Nord Stream pipeline to undergo temporary shutdown

Offshore staff

ZUG, Switzerland – The Nord Stream gas pipeline project in the Baltic Sea is entering an intensive period of activity.

Laying of the second of the twin offshore 1,224-km (760-mi) pipelines is close to completion, and the three sections will be joined underwater off the Finnish coast in mid-May and off the Swedish coast in early June.

The two-week process of adapting, testing, and certifying the control systems to integrate the two pipelines into a single automated gas transport system should have started.

This requires the valves at the Russian and German landfalls to be shut, gas from the Portovaya compressor station to be stopped, and the flow of gas through the pipeline to be temporarily halted. After the tests have been completed and certifications received, the valves should be re-opened by end-April.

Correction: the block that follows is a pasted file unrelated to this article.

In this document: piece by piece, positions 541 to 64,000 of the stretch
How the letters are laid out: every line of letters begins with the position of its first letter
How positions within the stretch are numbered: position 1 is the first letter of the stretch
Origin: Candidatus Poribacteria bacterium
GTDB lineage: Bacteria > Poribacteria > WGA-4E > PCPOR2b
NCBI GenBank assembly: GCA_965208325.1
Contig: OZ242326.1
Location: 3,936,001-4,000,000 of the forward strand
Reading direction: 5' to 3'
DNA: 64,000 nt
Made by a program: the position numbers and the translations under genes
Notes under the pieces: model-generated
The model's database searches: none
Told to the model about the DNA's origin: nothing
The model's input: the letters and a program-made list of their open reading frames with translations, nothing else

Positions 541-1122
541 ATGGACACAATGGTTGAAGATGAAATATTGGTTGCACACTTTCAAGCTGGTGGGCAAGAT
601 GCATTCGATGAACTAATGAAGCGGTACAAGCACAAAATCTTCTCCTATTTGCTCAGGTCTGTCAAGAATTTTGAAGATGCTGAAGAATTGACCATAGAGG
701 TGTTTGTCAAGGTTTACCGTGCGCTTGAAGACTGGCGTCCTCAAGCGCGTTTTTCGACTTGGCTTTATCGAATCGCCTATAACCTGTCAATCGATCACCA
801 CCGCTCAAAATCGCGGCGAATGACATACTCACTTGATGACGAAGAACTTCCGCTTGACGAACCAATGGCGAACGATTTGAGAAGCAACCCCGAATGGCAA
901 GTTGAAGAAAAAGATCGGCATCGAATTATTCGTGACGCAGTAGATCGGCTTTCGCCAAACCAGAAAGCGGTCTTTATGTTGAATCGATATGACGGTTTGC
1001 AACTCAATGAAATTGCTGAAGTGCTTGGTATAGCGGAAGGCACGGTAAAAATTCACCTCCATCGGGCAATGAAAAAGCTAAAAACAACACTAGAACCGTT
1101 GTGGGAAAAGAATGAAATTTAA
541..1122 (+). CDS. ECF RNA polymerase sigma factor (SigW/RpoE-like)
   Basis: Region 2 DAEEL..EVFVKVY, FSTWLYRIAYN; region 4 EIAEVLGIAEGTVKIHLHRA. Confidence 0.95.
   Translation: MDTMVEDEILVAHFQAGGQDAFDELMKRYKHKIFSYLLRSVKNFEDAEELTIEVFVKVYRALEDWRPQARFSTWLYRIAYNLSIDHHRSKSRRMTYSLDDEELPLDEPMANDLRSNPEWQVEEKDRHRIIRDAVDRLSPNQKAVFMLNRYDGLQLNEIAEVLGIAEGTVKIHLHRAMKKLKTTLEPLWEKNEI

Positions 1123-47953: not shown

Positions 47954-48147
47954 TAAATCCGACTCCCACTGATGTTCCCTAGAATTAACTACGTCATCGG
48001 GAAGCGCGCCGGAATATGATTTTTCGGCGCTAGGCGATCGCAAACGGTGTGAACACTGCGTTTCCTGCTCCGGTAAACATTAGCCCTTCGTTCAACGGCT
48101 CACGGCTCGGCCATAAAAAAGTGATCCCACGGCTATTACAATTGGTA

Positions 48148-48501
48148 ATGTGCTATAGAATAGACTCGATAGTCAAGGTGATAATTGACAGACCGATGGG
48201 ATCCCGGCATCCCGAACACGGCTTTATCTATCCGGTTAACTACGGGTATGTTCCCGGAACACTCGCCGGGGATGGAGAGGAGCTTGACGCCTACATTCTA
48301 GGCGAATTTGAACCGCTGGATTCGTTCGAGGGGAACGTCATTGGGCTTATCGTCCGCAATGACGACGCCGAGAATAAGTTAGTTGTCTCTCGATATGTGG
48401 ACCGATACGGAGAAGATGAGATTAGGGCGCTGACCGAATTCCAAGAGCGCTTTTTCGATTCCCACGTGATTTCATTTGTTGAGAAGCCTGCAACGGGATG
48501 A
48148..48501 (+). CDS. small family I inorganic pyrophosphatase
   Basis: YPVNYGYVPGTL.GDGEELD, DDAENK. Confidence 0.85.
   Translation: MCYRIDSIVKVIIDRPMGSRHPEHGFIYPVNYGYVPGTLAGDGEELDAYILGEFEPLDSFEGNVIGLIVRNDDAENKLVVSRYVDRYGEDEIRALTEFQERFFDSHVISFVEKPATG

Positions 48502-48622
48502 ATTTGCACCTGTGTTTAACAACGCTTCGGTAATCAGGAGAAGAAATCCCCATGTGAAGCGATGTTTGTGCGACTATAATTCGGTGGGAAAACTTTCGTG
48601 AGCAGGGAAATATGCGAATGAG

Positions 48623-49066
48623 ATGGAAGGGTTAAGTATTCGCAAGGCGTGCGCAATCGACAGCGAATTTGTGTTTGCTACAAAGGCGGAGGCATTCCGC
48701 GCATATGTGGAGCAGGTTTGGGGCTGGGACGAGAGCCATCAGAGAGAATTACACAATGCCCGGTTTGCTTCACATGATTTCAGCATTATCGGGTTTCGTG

During the summer, pre-commissioning and commissioning of the second pipeline will follow. It is on schedule to become operational toward the end of the year.

When completed, the integrated pipeline system will be capable of transporting up to 55 bcm/yr (1.9 tcf/yr) of gas from northern Russian fields to Europe.

4/16/2012

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